One people group in Afghanistan, that has experienced a lot of discrimination and hardly any help, receives winter relief aid from Shelter Now.
They’re called the “Chalou”. Even the name of this people group is often spoken with contempt. They are mostly unable to get work, they are avoided by others and are often even chased out of mosques. And when it comes to distributing aid, they are repeatedly overlooked. They are mostly forced to make a living through begging.
The Chalou come from western Afghanistan, but many go to Kabul in the - probably mistaken - belief that they might have a better life there. They live in tents or dilapidated huts.
A group of 610 families who live in a very run down camp inside Kabul has asked us for help. They are suffering from an acute shortage of food. Without outside help, some of them would probably not survive the winter.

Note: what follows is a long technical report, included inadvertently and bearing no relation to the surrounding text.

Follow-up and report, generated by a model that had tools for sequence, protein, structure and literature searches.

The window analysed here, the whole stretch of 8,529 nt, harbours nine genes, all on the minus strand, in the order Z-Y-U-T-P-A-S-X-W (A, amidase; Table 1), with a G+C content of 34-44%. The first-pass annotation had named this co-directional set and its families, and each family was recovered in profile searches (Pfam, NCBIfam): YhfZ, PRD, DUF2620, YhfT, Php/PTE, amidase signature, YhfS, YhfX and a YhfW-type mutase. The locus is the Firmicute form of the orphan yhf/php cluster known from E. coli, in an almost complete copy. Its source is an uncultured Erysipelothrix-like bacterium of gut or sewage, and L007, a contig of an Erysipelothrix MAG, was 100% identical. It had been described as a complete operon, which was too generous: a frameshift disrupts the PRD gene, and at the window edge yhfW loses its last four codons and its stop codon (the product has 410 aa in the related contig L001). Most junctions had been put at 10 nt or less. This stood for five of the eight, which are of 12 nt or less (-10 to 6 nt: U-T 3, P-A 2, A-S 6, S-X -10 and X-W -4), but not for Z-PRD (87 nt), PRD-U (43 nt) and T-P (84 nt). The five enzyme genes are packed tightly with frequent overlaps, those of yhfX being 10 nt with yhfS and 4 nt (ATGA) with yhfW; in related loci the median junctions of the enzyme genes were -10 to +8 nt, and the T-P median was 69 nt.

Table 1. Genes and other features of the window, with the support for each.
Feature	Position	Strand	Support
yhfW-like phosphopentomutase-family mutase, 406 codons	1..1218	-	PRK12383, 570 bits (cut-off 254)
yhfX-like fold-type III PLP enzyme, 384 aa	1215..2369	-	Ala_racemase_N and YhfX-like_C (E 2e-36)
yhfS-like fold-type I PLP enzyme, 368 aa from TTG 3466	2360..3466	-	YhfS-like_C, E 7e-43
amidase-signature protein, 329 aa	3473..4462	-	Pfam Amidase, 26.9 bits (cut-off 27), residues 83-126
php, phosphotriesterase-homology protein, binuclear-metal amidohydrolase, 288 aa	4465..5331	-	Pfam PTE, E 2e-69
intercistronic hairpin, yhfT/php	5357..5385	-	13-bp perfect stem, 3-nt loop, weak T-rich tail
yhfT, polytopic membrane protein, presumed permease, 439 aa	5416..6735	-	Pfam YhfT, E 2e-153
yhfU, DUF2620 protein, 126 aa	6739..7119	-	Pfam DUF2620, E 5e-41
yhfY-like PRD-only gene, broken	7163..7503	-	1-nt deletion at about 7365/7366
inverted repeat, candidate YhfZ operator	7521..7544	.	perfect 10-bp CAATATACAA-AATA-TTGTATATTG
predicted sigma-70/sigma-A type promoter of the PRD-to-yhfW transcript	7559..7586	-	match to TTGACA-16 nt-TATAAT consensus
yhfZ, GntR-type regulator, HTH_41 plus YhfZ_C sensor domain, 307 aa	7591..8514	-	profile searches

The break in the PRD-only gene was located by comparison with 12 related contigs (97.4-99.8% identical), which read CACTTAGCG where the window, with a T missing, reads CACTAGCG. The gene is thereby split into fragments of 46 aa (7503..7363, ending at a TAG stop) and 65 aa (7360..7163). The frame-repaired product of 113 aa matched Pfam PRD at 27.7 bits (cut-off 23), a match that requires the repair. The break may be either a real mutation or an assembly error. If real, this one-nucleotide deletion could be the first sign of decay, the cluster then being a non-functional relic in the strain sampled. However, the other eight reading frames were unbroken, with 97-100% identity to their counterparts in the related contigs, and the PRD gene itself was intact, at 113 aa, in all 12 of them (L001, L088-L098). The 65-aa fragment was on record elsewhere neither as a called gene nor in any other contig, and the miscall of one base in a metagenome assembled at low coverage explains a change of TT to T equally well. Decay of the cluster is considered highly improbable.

With the help of financial aid from another Christian organization, we were already able to distribute flour, cooking oil, beans, tea and sugar to these 4,270 people in December (617 families in the end), so that they no longer have to fear for their lives this winter.
One of the elders in the group, whose name is Gulam Kaka and is 70 years old, told our engineer: "Our life here is shaped by many problems: In summer we have no respite from the heat, and in winter we have no protection against the cold. That’s when the elderly and the small children die, and no one helps us. Last winter twelve of our relatives died; I don’t know how many we will lose this winter. We have had to go hungry. But now Shelter Now has given us this food it is a real day of celebration for us. Thank you!"